Date: June 20, 2012

Author: JT

Tags: , , , , ,

2 Comments »

Why We Should Have Another Tax Holiday for the Rich

jtpedersen_tax holiday_global_competitiveness_tax_rateSo, why should we consider another tax holiday for the wealthiest among us?  Why should we allow money earned overseas by large (and small) corporations to come home, here to the U.S., at a reduced rate?

Fundamentally, it comes down to global competitiveness.

Bloomberg has a pretty straight-forward discussion on the topic (http://bloom.bg/LCqVKh). Here are the salient pieces:

Under current law, American companies can defer federal income taxes on most overseas earnings indefinitely. When they do return to the U.S., they’re taxed at the corporate rate of 35 percent — with credits for foreign income taxes paid.

and, “…foreign competitors are allowed to repatriate foreign earnings at rates of 0 to 2 percent.

Regardless of which side of the argument you’re on (pro/con tax holiday), I think Cisco’s Chambers addresses the crux of the problem well. He has, “…made the case for the tax break, saying it would help overcome a corporate tax system he calls “a dinosaur” and put more than two million Americans back to work.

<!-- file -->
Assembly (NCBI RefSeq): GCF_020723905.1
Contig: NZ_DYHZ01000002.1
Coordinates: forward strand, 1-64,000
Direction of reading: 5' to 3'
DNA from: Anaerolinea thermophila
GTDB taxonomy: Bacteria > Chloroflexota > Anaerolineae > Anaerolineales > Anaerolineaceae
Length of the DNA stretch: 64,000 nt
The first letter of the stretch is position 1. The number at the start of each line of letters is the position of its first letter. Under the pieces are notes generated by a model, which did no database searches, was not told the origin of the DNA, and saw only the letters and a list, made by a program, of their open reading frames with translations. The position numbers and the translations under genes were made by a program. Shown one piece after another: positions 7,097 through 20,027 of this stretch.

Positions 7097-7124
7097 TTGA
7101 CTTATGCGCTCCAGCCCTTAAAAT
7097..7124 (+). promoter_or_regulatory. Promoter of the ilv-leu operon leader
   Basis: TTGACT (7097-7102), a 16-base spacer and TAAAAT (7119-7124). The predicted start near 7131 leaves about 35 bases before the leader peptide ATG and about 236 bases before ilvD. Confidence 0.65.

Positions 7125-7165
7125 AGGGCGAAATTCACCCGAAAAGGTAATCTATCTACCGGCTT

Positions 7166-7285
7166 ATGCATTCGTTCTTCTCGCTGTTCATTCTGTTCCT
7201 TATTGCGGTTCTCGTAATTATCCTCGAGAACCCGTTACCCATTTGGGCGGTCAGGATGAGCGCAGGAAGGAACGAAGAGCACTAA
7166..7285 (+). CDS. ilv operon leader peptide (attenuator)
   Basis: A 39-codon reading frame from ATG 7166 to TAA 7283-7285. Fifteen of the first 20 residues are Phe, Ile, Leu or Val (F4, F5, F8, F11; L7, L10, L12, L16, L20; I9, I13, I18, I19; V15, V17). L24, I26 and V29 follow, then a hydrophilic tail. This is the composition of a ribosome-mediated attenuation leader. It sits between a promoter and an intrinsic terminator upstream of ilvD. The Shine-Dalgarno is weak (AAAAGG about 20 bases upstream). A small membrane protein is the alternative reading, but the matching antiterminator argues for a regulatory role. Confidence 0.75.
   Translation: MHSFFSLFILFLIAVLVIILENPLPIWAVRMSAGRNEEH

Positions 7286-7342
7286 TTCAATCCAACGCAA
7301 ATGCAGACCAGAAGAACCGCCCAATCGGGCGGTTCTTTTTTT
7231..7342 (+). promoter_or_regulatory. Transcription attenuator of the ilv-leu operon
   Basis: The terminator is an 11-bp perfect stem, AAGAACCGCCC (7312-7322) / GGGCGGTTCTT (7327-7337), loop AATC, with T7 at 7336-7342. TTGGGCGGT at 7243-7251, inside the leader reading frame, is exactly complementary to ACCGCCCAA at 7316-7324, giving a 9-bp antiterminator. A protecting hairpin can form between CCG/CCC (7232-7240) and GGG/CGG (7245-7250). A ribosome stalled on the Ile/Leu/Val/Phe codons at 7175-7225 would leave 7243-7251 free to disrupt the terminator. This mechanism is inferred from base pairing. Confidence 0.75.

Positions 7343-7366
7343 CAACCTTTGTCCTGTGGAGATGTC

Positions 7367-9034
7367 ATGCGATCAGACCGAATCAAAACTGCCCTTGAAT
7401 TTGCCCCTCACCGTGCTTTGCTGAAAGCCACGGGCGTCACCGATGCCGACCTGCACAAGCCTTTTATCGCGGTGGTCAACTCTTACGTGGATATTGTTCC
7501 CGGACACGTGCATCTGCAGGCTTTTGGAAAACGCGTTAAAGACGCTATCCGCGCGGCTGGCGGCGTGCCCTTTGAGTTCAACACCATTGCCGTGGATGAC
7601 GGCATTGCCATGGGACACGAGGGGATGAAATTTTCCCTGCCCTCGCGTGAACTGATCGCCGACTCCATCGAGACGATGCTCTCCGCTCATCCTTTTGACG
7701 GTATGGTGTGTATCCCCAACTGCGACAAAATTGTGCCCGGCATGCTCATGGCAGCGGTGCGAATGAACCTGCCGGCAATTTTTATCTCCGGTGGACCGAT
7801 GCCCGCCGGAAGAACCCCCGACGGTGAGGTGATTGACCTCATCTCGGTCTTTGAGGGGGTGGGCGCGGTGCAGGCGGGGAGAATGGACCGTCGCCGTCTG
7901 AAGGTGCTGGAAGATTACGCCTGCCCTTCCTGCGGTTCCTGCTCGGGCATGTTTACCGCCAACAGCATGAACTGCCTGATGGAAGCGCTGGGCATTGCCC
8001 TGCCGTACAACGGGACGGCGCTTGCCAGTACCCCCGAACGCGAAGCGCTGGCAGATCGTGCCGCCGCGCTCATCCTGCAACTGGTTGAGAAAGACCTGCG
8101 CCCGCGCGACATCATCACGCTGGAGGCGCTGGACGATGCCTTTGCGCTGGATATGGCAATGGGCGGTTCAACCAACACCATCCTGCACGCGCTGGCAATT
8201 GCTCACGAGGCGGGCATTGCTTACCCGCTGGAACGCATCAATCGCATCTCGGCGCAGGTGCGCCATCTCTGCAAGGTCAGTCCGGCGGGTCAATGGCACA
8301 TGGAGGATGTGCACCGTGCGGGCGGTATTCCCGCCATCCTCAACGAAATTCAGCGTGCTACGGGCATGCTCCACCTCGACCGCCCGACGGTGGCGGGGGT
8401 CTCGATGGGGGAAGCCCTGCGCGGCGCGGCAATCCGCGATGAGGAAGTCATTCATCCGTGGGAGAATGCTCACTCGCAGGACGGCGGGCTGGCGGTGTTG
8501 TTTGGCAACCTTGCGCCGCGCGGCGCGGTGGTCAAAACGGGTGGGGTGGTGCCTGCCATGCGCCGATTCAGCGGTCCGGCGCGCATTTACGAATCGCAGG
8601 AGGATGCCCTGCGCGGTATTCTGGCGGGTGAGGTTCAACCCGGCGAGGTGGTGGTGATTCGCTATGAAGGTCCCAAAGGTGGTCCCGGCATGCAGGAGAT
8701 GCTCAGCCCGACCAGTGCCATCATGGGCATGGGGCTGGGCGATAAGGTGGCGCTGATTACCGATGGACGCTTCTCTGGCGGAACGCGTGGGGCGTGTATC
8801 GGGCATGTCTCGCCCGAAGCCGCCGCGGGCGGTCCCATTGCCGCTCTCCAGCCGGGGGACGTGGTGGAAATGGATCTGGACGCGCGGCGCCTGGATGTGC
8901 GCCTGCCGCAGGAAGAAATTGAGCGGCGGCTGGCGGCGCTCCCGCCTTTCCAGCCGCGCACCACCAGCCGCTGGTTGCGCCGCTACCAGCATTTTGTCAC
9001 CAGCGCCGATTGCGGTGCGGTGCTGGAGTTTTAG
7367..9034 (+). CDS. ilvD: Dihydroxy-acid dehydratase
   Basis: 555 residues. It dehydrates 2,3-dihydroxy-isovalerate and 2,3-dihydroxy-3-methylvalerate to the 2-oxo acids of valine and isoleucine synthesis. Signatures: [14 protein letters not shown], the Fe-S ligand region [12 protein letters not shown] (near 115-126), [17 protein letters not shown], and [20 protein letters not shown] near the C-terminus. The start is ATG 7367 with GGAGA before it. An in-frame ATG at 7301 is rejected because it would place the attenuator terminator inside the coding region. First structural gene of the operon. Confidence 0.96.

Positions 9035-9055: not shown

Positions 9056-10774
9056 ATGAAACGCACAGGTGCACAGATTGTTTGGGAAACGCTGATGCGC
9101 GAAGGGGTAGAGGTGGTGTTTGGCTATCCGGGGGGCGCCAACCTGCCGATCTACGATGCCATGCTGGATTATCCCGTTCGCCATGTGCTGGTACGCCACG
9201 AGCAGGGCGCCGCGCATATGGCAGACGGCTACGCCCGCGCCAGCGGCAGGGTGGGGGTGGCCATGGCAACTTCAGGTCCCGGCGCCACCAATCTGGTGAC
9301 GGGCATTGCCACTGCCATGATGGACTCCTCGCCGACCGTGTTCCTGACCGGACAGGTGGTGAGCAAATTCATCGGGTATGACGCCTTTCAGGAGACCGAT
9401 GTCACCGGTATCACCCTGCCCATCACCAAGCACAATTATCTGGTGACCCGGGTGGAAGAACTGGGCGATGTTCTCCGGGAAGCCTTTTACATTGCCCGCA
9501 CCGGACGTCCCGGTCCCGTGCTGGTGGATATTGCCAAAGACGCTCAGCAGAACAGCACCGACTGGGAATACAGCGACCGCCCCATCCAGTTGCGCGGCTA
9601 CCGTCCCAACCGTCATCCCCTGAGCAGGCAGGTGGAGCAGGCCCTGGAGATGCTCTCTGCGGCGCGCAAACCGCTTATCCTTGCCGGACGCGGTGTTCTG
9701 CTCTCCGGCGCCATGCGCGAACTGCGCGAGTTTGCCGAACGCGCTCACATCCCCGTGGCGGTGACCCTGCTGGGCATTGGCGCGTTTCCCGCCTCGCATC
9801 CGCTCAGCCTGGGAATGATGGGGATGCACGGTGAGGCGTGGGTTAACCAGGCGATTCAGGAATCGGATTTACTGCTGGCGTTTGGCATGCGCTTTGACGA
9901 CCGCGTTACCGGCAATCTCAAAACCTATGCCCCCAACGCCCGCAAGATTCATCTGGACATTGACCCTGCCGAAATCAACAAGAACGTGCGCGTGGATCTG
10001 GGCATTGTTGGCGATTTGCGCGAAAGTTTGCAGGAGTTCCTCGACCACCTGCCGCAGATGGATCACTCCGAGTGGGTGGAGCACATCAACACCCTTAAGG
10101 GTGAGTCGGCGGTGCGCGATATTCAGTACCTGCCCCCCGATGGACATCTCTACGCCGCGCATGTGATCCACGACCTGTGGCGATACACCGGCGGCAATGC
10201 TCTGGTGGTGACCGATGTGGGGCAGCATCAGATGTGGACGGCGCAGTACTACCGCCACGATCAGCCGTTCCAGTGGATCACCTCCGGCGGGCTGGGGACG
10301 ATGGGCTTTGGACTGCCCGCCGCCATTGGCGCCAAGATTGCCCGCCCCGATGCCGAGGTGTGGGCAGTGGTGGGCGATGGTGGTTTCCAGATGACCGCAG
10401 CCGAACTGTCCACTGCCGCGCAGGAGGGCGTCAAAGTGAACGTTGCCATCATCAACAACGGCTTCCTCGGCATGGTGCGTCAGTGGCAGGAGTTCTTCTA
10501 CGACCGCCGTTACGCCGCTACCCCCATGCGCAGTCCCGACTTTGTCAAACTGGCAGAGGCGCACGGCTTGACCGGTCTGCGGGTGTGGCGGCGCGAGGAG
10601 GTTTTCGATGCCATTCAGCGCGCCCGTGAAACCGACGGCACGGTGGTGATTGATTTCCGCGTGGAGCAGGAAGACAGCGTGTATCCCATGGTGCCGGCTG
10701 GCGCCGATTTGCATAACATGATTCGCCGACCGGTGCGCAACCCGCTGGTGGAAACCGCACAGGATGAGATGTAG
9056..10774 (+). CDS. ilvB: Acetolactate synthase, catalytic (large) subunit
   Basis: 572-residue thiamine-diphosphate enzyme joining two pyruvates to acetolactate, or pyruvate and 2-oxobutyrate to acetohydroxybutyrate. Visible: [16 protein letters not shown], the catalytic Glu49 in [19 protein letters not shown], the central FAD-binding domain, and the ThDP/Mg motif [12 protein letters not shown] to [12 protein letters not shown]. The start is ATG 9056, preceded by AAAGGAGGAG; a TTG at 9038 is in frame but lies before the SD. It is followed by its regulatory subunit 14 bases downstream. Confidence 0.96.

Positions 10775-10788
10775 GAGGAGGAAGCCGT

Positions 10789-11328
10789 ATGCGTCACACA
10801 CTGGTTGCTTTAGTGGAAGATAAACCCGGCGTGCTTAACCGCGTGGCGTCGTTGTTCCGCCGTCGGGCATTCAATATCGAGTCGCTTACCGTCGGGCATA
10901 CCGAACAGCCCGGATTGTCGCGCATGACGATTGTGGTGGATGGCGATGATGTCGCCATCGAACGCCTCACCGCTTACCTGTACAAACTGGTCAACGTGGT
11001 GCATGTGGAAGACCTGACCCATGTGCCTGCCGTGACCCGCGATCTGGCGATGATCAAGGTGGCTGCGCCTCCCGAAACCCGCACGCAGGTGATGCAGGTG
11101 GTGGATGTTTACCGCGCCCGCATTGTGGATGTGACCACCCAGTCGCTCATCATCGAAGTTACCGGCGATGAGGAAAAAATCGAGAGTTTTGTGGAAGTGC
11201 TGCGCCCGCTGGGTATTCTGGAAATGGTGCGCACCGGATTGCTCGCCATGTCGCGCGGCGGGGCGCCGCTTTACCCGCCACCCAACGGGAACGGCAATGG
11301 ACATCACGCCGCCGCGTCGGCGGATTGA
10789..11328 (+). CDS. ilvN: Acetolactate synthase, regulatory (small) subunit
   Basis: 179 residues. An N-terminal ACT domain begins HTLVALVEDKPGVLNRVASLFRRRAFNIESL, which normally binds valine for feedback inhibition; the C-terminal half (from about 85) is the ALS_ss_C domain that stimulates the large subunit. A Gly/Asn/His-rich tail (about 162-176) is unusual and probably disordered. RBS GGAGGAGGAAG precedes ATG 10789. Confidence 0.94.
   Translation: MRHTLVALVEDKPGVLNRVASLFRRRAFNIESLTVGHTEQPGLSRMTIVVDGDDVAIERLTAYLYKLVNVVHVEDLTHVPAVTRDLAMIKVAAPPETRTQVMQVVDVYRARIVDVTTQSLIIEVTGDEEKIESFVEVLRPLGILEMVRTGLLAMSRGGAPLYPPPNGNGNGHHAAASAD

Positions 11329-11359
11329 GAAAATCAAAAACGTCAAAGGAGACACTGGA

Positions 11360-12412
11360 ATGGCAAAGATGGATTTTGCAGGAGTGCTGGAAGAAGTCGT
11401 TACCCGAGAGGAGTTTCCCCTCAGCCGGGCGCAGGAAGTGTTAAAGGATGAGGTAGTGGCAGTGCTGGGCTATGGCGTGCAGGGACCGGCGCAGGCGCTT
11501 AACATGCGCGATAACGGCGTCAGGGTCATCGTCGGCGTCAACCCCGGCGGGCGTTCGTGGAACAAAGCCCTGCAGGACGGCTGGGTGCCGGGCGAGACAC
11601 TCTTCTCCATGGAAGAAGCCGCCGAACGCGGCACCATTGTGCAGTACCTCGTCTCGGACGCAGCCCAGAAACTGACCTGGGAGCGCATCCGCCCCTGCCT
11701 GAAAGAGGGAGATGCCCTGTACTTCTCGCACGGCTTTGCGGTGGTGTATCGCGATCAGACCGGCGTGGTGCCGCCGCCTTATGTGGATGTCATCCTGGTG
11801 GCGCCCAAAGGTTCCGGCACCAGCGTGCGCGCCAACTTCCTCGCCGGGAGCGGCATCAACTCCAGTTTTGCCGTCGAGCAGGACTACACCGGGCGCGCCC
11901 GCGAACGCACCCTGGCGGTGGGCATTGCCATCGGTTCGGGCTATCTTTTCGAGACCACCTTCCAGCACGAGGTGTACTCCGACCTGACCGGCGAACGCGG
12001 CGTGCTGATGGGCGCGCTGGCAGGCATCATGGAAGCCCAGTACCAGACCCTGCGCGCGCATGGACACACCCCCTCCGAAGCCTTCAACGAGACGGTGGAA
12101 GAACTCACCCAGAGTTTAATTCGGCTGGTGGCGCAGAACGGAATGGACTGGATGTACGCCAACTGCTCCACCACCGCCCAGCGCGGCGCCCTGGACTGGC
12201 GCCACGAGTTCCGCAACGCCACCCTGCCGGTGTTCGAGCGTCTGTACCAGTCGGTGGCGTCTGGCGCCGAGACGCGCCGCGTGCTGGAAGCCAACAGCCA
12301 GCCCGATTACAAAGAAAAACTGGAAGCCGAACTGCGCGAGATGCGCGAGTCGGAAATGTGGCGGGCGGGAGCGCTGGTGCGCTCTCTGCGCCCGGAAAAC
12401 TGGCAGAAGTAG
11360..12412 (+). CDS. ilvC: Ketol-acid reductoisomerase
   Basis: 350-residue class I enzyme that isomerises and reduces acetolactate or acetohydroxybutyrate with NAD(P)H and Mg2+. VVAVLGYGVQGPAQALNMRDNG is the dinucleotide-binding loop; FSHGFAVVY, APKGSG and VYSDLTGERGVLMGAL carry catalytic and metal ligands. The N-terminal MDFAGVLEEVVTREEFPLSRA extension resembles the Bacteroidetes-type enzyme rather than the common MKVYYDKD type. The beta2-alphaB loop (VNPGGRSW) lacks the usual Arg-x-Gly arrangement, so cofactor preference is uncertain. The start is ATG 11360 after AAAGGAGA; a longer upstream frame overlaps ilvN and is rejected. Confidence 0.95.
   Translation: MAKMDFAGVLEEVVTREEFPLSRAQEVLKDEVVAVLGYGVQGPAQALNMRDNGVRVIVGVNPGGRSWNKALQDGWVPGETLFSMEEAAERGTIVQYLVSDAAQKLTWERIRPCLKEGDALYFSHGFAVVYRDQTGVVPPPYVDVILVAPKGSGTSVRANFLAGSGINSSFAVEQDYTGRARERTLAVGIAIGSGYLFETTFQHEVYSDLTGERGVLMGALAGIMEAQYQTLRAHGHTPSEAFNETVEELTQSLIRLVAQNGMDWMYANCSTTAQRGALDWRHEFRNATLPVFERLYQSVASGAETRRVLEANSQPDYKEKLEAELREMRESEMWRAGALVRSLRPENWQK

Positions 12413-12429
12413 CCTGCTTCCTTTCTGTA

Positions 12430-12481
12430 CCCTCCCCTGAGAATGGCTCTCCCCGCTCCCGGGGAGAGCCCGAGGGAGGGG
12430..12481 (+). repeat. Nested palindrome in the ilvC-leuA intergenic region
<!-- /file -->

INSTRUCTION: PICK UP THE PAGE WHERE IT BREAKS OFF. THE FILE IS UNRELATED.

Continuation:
As we speak, the Fed is debating how to push more and more money into circulation to get things moving again. As long as corporate earnings reside offshore, they’re doing none of us any good. Why not put the Fed at bay and, rather than ‘print more money,’ allow more of what already exists to reenter the market locally?

What do you think?

image credit: Vince Petaccio

2 Responses to “Why We Should Have Another Tax Holiday for the Rich”

  • Chuck Jackson June 21, 2012 at 12:10 pm

    Clearly, the rich are talking Global competitiveness when it bebfits them. Now it the time to do the Patriotic thing and invest in America. We no longer have Patriots when it comes to Non- Second Amendment issues. No other country gives its citizens the freedoms that we do and Freedom is not Free! How many of their sons and daughters fought in Aphganistan or Iraq. The lower socio-economic groups are taking it from all sides, while the rich have the full benefits of citizenship. The Pursuit of Hapiness is truly better for them.

  • Andrew Stein June 21, 2012 at 1:46 pm

    In the study of economics, I think that the hesitancy to bring offshore-earned money back onshore, based on tax laws…, is what is called “unintended consequences.” Seems like the law is flawed, at its core.

%d bloggers like this: